Posts tagged ‘Oceans’

April 10, 2011

Our Most Important Concern


The fabulous lake in Big Bear

How quickly we can forget what’s happening to our environment. This article I found covers it so well. My only comment is read the article and think about it a moment. If enough people pause a moment and take stock of what is happening outside of their own sphere of influence then change for the better may occur quicker than it is happening now.

written by Matthew McDermott, a Treehugger blogger

So much of environmentalism is about looking forward. Looking forward to the more socially and ecologically sustainable world we’re trying to create. Looking forward via climate modeling, projections of energy use, resource consumption, and population growth, to attempt to foretell the type of world we, our children and grandchildren will have to deal with, adapt to, and live in.

That’s important stuff, no doubt. But how much of that looking forward is constrained by our seeming inability to remember the past? Is our collective cultural memory (or sometimes lack thereof and oftentimes quickly diminishing) a critically important and neglected factor in environmental thinking?

If you’ve gleaned where I’m going with this, that I do think we ought to be doing some more self-reflection, both personally and collectively, about what we remember, what our parents remember and what our societies remember, you’re right.

What brings this to front of mind today is an interesting factoid that Andy Revkin highlights in his column over in the New York Times.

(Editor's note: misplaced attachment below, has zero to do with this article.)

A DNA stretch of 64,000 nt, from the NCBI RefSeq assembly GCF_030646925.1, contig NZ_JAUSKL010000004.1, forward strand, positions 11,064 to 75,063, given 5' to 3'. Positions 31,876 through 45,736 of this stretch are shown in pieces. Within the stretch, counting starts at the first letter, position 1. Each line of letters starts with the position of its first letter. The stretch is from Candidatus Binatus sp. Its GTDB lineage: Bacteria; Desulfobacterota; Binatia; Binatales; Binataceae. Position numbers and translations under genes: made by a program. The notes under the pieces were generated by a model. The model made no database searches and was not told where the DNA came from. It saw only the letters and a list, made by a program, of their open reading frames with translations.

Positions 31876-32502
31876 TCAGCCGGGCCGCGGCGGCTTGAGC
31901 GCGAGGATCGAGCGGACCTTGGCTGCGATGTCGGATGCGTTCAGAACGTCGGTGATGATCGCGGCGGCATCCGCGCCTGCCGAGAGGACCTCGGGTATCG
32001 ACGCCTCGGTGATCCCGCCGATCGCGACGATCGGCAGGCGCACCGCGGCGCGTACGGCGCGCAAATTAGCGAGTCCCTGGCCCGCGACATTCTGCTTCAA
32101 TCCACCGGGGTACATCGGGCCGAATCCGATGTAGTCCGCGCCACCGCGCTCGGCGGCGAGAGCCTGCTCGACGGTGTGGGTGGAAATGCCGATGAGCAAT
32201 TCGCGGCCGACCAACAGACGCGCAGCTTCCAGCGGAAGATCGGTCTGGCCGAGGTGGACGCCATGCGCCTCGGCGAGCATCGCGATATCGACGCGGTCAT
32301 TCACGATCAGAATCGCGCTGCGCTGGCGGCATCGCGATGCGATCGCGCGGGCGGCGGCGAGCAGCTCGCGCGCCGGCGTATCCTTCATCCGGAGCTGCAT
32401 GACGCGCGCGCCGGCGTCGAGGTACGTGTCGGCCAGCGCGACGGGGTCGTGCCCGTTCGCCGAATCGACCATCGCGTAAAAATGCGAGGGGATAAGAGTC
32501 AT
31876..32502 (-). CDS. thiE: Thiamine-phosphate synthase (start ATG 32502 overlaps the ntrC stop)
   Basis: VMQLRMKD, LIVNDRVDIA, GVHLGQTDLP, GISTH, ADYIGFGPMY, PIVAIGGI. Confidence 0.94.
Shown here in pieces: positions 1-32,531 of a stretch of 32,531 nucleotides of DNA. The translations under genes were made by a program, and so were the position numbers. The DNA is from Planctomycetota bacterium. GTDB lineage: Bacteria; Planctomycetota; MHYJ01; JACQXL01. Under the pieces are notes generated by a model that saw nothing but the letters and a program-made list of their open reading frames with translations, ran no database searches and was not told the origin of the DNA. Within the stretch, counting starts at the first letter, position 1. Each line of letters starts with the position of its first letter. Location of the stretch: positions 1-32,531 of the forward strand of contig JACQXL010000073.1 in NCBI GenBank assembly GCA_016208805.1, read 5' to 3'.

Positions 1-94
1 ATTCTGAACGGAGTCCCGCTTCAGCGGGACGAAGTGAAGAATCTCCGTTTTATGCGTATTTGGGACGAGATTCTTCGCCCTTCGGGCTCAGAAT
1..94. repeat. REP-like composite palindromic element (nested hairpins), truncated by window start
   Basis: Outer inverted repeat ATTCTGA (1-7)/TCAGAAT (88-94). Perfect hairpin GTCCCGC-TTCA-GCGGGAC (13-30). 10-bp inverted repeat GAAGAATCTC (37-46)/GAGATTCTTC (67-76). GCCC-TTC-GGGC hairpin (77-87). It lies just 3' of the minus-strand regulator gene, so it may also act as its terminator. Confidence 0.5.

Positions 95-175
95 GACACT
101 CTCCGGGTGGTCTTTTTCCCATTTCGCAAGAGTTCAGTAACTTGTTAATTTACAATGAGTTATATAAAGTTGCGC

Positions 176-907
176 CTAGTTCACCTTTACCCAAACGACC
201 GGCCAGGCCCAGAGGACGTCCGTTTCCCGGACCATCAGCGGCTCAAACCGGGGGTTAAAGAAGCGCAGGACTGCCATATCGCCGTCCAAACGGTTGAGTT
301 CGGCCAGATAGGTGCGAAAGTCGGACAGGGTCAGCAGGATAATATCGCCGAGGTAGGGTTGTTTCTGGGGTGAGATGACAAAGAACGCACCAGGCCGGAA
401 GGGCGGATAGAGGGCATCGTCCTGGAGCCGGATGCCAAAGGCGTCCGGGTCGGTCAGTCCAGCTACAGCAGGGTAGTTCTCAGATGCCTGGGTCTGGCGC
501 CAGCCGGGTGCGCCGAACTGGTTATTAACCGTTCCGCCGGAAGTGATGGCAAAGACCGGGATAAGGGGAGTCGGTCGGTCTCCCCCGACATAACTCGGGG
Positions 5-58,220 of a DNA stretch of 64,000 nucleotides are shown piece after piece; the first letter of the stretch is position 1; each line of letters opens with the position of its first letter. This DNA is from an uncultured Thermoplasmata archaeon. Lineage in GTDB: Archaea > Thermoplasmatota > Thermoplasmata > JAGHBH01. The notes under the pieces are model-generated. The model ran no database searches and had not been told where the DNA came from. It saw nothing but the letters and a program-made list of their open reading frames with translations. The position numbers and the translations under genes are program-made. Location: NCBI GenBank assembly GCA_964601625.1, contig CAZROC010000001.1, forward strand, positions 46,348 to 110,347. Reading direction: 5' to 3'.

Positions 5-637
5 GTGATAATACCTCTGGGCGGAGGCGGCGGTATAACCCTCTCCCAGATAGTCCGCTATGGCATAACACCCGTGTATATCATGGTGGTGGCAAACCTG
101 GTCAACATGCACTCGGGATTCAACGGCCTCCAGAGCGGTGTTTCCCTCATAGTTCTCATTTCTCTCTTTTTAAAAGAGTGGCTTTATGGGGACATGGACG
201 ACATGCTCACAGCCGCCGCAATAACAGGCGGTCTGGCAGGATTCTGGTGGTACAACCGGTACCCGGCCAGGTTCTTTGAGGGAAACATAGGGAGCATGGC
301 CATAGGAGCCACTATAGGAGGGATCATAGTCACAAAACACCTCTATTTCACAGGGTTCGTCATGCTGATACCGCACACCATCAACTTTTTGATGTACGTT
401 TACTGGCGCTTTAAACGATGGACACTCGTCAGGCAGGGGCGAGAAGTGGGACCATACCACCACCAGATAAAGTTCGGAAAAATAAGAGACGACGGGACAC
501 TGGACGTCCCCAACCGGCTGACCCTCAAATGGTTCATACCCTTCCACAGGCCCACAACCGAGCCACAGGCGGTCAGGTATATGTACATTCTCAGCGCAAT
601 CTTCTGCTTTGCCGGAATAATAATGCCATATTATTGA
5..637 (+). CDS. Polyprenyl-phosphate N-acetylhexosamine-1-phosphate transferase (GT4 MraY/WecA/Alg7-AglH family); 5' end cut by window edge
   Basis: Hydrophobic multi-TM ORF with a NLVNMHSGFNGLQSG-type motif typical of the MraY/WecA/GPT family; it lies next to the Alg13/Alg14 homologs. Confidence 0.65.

Revkin points out a study that talks about ‘disaster memory’ and relates it to the massive infrastructural expansion and concurrent energy use explosion that has occurred in so-called developed nations since World War 2 and continues at breakneck pace in China, India and elsewhere, in far too unquestioning mimicry today.

The point of relation is that it’s taken decades of building nuclear power plants in places at risk of both tsunami and earthquake for the very word tsunami to appear in planning guidelines. It wasn’t until 2006 that it appeared.

Could it be a lack of historically relevant disaster memory that caused the lapse in judgement?

Revkin writes,

One clue to the lack of concern might simply be the roughly 40-year period of relative seismic calm (in terms of a lack of great quakes in populous places) from the 1960s into the 2000s, as shown in the chart [below] from Bilham’s report. (And note the remote locations of nearly all the great earthquakes from the middle of the 20th century–Alaska, southern Chile, far eastern Russia).
In the original there are links galore supporting this theory, but the thing that strikes me is that this lack of disaster memory could just as easily and aptly apply to many other pressing environmental issues as well–inasmuch as what we consider normal levels of energy use, gadget use, clothing purchases, car usage, flying, et cetera etc etc in the really not so distant past were lower.

Just one example, air conditioning use. What once was considering a luxury is unquestioningly now called a necessity in more and more places–in the process ignoring entirely the fact that 1) air conditioning is a historically modern invention, 2) places used to be built with natural cooling in mind, 3) it simply isn’t a necessity for the vast majority of people, however cooler we might feel on a scorching day ducking into an air conditioned building. Our collective memory of how to exist without air conditioning has been erased in the span of just a couple of decades.